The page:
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  • Tapping Fixtures

    I do a lot of tapping by hand and was wondering what people use for fixtures and tapping tables?

    I do want to get a tapmatic one of these days, but can afford it raight now.


    Jerry

  • #2
    I have used a milwaukee drill for 20 or so years. The chuck is now wore out.

    I am about $3500 ahead.

    I used to fabricate electrical panels. You put components on the board, mark, center punch, drill, tap with the drill. A vsr drill makes it easy.

    a

    [This message has been edited by ibewgypsie (edited 11-17-2005).]

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    • #3
      I picked up one of these bench mounted hand tappers a few years ago, and it's been a really handy tool to have around.

      http://www.use-enco.com/CGI/INSRIT?P...&PMPXNO=953101

      Cheers,

      Frank Ford
      HomeShopTech

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      • #4
        Jerry --

        I'm not sure that I understand exactly what you're asking, but I do most of my tapping using a "tap block".

        A tap block is simply a block of material (most people use metal, but one of my favorite tap blocks is Plexiglas) with a family of square-to-the-surface holes sized to just clear the major diameters of the taps.

        Simply poke the tap through its hole in the tap block, put the point of the tap into the hole to be tapped, and slide the tap block against the surface of the to-be-tapped workpiece. The tip of the tap will center itself in the hole to be tapped and the tap block will hold the tap square to the surface.

        For onesey-twosey holes I'll usually tap by hand, but as ibewgypsie points out, a variable-speed reversing electric drill motor works like a charm if you use spiral-point taps.

        John

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        • #5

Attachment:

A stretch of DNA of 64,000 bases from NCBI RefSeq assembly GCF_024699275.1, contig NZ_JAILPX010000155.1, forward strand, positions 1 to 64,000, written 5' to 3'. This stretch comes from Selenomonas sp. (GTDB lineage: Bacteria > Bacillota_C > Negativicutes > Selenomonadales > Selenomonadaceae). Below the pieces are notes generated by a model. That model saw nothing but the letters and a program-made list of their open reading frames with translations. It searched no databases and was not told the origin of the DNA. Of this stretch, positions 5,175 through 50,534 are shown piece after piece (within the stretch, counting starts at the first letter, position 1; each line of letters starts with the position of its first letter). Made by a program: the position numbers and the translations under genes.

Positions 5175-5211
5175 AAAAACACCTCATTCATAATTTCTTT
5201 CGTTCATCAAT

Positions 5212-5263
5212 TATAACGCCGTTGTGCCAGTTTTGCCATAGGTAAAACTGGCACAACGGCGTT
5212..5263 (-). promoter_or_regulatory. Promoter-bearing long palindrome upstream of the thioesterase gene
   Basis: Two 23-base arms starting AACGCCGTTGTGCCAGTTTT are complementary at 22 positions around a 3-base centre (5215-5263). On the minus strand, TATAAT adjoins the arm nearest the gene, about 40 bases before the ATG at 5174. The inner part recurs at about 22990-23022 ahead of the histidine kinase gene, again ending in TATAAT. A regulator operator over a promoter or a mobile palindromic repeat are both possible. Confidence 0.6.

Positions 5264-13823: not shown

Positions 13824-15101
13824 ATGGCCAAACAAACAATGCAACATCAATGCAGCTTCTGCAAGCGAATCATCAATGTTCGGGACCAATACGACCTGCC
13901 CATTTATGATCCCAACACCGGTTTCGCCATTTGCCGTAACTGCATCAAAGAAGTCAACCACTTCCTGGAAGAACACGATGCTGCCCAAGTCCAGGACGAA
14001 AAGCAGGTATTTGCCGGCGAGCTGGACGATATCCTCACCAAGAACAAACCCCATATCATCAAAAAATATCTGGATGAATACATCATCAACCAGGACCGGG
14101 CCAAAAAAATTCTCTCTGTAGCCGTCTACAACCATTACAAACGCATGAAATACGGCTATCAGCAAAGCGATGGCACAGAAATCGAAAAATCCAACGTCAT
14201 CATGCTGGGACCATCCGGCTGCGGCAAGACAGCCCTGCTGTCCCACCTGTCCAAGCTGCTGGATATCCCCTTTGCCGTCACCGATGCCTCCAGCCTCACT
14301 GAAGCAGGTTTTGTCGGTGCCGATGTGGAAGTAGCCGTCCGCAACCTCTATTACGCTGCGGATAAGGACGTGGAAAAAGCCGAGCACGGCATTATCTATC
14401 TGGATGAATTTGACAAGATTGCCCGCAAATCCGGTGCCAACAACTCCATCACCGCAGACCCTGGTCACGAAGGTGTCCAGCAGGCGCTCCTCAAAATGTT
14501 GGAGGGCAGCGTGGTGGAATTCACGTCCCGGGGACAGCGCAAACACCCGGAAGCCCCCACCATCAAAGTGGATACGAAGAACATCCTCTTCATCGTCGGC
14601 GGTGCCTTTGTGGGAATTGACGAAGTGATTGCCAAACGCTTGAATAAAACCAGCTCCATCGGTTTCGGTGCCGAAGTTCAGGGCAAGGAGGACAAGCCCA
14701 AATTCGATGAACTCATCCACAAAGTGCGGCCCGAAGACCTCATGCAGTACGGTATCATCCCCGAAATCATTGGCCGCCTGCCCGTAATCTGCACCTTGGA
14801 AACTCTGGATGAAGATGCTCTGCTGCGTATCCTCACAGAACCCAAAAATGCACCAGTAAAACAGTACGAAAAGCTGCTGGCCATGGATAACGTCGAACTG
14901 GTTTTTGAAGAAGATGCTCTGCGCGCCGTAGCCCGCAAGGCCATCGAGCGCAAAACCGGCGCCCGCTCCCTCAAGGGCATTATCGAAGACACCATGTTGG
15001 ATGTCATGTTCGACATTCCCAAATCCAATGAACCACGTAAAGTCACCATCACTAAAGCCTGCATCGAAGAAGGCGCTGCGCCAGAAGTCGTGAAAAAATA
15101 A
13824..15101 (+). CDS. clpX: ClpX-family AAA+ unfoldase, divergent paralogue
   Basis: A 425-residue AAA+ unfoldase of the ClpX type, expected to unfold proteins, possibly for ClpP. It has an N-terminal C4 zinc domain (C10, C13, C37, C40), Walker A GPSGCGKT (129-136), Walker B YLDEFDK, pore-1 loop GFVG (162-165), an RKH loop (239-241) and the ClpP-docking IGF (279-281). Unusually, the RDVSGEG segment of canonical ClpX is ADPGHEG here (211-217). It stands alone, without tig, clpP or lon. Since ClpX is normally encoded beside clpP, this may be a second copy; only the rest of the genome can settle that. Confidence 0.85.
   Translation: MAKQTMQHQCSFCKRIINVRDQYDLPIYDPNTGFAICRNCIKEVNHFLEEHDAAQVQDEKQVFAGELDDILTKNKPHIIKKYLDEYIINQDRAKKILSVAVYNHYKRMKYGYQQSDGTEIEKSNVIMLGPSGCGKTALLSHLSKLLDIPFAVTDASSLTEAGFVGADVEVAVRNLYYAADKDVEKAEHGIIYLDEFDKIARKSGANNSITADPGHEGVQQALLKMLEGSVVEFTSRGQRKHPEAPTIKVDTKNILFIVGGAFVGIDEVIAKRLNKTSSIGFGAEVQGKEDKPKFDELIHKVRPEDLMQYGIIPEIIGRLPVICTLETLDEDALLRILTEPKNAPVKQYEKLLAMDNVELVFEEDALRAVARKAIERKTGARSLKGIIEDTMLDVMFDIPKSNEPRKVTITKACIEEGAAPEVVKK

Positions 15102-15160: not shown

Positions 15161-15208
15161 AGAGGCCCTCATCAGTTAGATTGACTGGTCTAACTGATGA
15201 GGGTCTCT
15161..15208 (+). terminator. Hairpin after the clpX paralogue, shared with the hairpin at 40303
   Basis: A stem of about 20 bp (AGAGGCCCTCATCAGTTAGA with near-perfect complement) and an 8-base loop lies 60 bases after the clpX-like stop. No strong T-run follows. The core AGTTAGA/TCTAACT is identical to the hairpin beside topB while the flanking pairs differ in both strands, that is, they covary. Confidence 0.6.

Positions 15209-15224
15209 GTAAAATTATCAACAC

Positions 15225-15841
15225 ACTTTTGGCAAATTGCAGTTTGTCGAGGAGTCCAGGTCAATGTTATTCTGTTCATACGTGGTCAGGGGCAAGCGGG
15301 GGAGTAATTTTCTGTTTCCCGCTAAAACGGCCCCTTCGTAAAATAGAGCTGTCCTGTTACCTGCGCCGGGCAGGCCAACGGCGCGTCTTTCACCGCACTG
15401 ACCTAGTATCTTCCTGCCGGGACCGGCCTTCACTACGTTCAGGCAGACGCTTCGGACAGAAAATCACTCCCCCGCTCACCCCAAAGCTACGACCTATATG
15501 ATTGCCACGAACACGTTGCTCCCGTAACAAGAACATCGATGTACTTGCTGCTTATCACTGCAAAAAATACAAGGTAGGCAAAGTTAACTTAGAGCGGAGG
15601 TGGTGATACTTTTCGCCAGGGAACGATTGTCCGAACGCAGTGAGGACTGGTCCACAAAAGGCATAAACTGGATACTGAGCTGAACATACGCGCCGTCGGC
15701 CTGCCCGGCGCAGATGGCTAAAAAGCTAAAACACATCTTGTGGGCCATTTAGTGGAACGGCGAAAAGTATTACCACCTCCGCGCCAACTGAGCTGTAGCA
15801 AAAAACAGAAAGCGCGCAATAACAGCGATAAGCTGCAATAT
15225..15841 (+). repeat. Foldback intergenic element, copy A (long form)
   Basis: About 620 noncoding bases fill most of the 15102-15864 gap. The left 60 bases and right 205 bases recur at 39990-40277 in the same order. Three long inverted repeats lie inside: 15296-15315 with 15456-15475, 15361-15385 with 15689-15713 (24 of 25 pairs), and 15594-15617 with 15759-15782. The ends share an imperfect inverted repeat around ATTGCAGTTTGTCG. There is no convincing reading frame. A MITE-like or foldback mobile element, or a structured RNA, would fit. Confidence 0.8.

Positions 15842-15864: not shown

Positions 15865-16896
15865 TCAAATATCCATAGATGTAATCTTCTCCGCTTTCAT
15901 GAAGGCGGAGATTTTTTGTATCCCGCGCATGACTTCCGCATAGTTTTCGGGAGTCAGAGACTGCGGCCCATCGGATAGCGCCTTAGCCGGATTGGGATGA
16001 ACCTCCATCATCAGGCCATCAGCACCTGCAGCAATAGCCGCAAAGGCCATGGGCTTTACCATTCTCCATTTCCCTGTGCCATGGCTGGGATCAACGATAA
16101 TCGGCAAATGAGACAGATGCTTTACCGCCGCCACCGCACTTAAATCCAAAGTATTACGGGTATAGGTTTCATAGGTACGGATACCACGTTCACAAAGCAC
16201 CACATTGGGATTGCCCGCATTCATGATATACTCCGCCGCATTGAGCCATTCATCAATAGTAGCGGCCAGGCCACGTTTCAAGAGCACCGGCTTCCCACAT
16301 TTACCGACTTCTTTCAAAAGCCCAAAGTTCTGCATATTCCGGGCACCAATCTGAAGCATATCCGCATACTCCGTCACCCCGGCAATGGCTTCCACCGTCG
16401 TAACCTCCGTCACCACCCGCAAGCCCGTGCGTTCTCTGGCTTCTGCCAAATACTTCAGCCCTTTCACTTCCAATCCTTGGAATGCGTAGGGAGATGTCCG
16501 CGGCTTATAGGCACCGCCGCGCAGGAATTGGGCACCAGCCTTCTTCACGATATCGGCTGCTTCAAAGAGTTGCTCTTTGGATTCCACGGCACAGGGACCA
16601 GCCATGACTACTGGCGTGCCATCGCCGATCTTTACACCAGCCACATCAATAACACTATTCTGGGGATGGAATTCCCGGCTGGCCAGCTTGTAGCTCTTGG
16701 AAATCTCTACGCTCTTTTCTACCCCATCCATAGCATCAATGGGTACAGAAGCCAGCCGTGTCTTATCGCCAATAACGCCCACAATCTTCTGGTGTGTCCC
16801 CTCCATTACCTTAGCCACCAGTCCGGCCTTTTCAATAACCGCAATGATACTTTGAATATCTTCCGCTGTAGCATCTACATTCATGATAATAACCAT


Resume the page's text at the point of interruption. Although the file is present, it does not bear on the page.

I have the KBC Tapping Fixture their number is 1-393-000. (www.kbctools.com) I was think about something like Frank got from Enco. I also will try the Dave's drill method before spending bunches of cash on a Tapmatics.


          As that my work is from tap sizes No 2 taps thru 1/2 inch and some times large, it can be difficult to have all of the right tools, holders, fixtures, etc on hand and be purchased all at the same time. So I am doing this slowly, buying good taps, good dies and the right handles.

          BTW for the flash surpressor crowd with the new freedom in the states, 1/2 by 28 is the standard thread for barrels (AR-15, 10/22, Mini 14, etc). The dies are not that expensive, under ten dollars.


          Jerry

          [This message has been edited by jfsmith (edited 09-15-2004).]

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          • #6
            I did the tap block thing after it was suggested in another thread. Works great.

            I do most taping in steel or CI by hand. I just don't trust a powered tap not to break. If I have a lot of holes in a softer metal like aluminum or copper I will use the battery powered drill. Slow speed and set the ratchet as light as possible.

            Paul A.
            Paul A.
            SE Texas

            Make it fit.
            You can't win and there is a penalty for trying!